Oldster's View

Fight Against Maturity

Zombies in 8th century Ireland

Halloween is still more than one month away but archeologists working in Ireland have uncovered a couple of 8th century human skeletons that point to a ghoulish story.

The skeletons, dug up between 2005 and 2009 at Kilteasheen, near Loch Key in Ireland, were found with stones stuck into their mouths. Researchers examining the remains suggest this may have been related to a belief among the locals that this practice would prevent the dead from returning to walk the Earth as zombies.

More via  CBS News.

September 19, 2011 Posted by | archeology, Strange | 1 Comment

Next time you’re in France, check this out

When Frenchman Louis Mantin died in 1905, he mandated that his house be sealed up for a century, then reopened to the public as a museum.  And now it is, effectively becoming a time capsule for all to see.

The French mansion, located in the town of Moulins, is full of artifacts and pieces that Mantin had collected over the course of his life, including paintings, tapestries, prehistoric flints, Egyptian relics and other pieces from the Medieval and Neolithic eras.

via This Mansion, Sealed Shut For Over a Century, Is Now a Time Capsule for All to See.

January 20, 2011 Posted by | archaeology, archeology, cool stuff, Uncategorized | Comments Off on Next time you’re in France, check this out

They don’t make wine presses like they used to…

Archeologists have unearthed the oldest wine-making facility ever found, using biochemical techniques to identify a dry red vintage made about 6,000 years ago in what is now southern Armenia.

The excavation paints a picture of a complex society where mourners tasted a special vintage made at a caveside cemetery, the researchers reported on Tuesday in the Journal of Archaeological Science.

via At 6,000 years old, wine press is oldest yet found – Yahoo! News.

January 11, 2011 Posted by | archeology | Comments Off on They don’t make wine presses like they used to…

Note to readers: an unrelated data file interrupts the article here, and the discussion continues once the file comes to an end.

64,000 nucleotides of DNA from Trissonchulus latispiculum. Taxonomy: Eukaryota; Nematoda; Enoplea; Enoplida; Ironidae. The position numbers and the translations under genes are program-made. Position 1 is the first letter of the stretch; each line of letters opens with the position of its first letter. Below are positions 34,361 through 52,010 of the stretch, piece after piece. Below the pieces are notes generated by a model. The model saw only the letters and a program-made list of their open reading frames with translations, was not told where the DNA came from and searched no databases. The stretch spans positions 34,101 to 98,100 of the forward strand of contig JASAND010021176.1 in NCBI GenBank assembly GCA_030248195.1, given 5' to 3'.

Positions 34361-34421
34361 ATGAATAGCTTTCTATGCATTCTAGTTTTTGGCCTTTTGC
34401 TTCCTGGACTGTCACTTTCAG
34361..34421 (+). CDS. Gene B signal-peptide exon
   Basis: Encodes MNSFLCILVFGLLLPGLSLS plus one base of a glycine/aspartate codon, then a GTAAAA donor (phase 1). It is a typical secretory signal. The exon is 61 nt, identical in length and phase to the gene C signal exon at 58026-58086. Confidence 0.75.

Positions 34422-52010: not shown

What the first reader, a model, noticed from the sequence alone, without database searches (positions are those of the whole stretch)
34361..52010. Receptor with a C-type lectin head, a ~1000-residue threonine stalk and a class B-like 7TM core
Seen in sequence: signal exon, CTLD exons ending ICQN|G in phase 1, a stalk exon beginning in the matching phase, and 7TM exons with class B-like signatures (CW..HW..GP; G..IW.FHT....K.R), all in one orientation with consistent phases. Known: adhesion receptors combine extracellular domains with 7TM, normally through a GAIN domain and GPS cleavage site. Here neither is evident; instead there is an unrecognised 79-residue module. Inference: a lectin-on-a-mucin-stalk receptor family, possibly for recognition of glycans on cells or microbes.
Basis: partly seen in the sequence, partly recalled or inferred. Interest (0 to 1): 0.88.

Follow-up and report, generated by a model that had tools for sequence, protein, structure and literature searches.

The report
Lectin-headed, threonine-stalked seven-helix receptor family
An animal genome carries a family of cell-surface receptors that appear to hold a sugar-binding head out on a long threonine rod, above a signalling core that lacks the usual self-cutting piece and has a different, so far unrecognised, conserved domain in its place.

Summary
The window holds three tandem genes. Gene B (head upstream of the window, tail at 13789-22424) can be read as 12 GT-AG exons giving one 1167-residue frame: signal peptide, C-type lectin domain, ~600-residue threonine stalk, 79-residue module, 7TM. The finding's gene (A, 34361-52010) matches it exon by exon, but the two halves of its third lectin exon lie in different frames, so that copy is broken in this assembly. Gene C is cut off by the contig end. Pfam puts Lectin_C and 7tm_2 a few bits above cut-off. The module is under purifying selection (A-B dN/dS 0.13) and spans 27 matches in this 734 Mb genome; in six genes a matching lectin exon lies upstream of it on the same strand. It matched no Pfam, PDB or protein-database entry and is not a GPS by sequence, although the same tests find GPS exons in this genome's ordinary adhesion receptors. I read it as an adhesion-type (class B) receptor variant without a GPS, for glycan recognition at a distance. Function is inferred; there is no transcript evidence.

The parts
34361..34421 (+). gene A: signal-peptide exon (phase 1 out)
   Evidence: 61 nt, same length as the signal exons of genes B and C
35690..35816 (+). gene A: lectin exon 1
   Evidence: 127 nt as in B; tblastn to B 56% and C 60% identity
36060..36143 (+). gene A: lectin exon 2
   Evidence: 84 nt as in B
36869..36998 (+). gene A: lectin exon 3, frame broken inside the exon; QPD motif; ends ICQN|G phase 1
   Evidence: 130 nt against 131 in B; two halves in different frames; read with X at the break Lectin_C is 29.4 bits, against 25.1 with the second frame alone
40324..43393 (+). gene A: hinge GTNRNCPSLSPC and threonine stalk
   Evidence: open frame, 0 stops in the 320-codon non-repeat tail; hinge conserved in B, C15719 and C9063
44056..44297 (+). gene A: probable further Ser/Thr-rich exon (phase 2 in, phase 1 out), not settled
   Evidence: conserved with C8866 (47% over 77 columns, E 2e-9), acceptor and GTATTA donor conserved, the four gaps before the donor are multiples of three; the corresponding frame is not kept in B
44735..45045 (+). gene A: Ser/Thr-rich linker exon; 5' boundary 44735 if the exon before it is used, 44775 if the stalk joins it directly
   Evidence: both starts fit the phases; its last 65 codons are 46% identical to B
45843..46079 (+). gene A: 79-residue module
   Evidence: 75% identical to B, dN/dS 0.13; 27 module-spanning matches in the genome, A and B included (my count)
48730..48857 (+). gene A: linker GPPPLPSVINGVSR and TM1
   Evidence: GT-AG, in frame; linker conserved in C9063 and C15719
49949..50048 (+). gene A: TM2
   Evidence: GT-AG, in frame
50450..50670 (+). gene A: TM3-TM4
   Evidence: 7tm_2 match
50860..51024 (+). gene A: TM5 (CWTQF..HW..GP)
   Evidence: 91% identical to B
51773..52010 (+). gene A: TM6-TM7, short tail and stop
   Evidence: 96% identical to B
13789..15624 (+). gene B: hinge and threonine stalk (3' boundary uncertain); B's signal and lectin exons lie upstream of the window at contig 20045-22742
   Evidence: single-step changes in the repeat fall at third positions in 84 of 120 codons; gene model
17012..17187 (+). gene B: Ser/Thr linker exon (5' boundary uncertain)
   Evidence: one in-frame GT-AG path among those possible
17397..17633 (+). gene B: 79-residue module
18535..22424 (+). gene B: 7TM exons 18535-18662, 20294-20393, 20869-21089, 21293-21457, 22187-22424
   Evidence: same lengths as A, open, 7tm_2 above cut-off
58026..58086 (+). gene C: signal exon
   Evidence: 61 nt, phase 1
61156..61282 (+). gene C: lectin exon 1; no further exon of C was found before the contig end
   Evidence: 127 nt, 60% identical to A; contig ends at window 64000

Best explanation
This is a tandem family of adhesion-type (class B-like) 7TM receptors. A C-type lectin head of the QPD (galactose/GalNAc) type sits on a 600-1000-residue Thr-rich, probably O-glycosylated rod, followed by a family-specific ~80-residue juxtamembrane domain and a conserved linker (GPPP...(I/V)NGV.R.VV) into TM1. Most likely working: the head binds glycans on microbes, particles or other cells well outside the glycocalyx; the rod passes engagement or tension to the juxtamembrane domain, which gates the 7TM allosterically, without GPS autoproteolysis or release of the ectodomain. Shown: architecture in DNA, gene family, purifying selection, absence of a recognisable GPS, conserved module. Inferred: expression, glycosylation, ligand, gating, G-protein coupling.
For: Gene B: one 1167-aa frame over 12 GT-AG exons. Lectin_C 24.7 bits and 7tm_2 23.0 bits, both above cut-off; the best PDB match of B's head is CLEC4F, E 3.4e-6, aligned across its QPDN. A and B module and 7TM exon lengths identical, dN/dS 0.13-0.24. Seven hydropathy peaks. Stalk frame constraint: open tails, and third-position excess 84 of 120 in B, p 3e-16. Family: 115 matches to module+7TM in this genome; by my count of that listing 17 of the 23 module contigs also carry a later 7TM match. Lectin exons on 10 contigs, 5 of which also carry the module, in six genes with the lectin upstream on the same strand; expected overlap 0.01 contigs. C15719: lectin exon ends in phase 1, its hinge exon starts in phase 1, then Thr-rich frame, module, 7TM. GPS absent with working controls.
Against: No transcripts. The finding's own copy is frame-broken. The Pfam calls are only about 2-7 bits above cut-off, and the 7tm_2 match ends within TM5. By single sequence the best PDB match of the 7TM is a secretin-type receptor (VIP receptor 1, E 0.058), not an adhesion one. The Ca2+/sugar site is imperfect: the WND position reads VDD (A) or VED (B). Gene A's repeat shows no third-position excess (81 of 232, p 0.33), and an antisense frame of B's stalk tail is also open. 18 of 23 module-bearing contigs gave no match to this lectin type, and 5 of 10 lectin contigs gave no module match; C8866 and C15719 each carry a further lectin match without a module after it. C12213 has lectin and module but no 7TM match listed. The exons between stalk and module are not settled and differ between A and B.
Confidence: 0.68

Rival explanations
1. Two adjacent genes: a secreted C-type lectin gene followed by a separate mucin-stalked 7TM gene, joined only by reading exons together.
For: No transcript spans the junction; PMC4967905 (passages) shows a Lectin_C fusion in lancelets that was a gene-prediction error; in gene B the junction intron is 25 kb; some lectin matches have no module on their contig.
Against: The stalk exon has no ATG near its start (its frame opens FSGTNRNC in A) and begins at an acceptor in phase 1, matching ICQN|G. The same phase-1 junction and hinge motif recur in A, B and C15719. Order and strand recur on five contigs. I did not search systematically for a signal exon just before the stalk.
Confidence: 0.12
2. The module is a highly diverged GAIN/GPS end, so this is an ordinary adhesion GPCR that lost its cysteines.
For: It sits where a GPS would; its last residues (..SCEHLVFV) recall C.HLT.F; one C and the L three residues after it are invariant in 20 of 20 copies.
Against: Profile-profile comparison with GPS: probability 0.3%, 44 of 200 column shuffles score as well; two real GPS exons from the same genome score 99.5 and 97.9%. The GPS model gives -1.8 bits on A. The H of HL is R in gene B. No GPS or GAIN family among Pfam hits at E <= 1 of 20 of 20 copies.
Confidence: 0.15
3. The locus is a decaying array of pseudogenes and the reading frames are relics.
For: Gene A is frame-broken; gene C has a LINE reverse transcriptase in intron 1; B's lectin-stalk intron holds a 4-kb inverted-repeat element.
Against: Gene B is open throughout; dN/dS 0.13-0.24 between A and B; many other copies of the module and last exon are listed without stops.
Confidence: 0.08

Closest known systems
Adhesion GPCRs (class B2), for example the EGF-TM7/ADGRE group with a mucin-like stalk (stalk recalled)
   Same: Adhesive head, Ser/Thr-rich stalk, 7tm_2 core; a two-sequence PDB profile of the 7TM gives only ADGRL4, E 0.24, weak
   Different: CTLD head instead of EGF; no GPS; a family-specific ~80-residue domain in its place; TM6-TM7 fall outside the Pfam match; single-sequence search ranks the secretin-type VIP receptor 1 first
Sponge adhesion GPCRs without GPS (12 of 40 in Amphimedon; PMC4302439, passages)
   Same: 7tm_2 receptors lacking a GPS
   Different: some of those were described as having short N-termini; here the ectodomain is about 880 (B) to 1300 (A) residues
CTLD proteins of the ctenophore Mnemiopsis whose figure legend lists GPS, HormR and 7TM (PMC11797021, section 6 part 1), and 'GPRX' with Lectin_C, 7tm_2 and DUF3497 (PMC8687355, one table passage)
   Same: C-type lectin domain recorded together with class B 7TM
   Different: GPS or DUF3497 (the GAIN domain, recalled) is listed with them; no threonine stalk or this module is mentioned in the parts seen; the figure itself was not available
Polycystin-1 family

An old cold one

Divers have recovered what’s thought to be the world’s oldest beer from a 200-year-old shipwreck in the Baltic Sea.

The find was made as researchers recovered drinkable Champagne from a Russian cargo ship which crashed in the 1780s.

The divers say they were surprised to find a handful of beer bottles during the salvage operation near the Aland Islands.

When one of the bottle just so happened to break, the divers tried some of the dark liquid and say they liked the taste.

via Odd News | newslite.tv.

September 6, 2010 Posted by | archaeology, archeology, beer | Comments Off on An old cold one

Uncle George! Is that you?

Scientists yesterday announced the discovery of the oldest fossil skeleton of a human ancestor in Ethiopia’s harsh Afar desert.

The find reveals that our forebears underwent a previously unknown stage of evolution more than a million years before Lucy, the iconic early human ancestor specimen that walked the Earth 3.2 million years ago.

The skeleton belonged to a small-brained, 110-pound female nicknamed ‘Ardi.’

The fossil puts to rest the notion that a chimpanzee-like missing link would eventually be found at the root of the human family tree.

More via Our Strange World.

October 4, 2009 Posted by | animals, archeology, Bigfoot | Comments Off on Uncle George! Is that you?

‘Ark of the Covenant’ ? Well, maybe.

The patriarch of the Orthodox Church of Ethiopia says he will announce to the world Friday the unveiling of the Ark of the Covenant, perhaps the world’s most prized archaeological and spiritual artifact, which he says has been hidden away in a church in his country for millennia, according to the Italian news agency Adnkronos.

More at ‘Ark of the Covenant’ about to be unveiled?.

June 25, 2009 Posted by | archaeology, archeology | | 1 Comment

Evidently someone beat them to the tomb


Archeologists in China are baffled after finding a tiny Swiss watch in a 400-year-old tomb. The watch ring was discovered as archeologists were making a documentary with two journalists from Shangsi town.

“When we tried to remove the soil wrapped around the coffin, a piece of rock suddenly dropped off and hit the ground with a metallic sound,? said Jiang Yanyu, former curator of the Guangxi Autonomous Region Museum.

“We picked up the object, and found it was a ring. After removing the covering soil and examining it further, we were shocked to see it was a watch.”

The time was stopped at 10:06am, and on the back was engraved the word “Swiss”, reports the People’s Daily.

via Ananova – Swiss watch

December 15, 2008 Posted by | archeology, Strange | | 1 Comment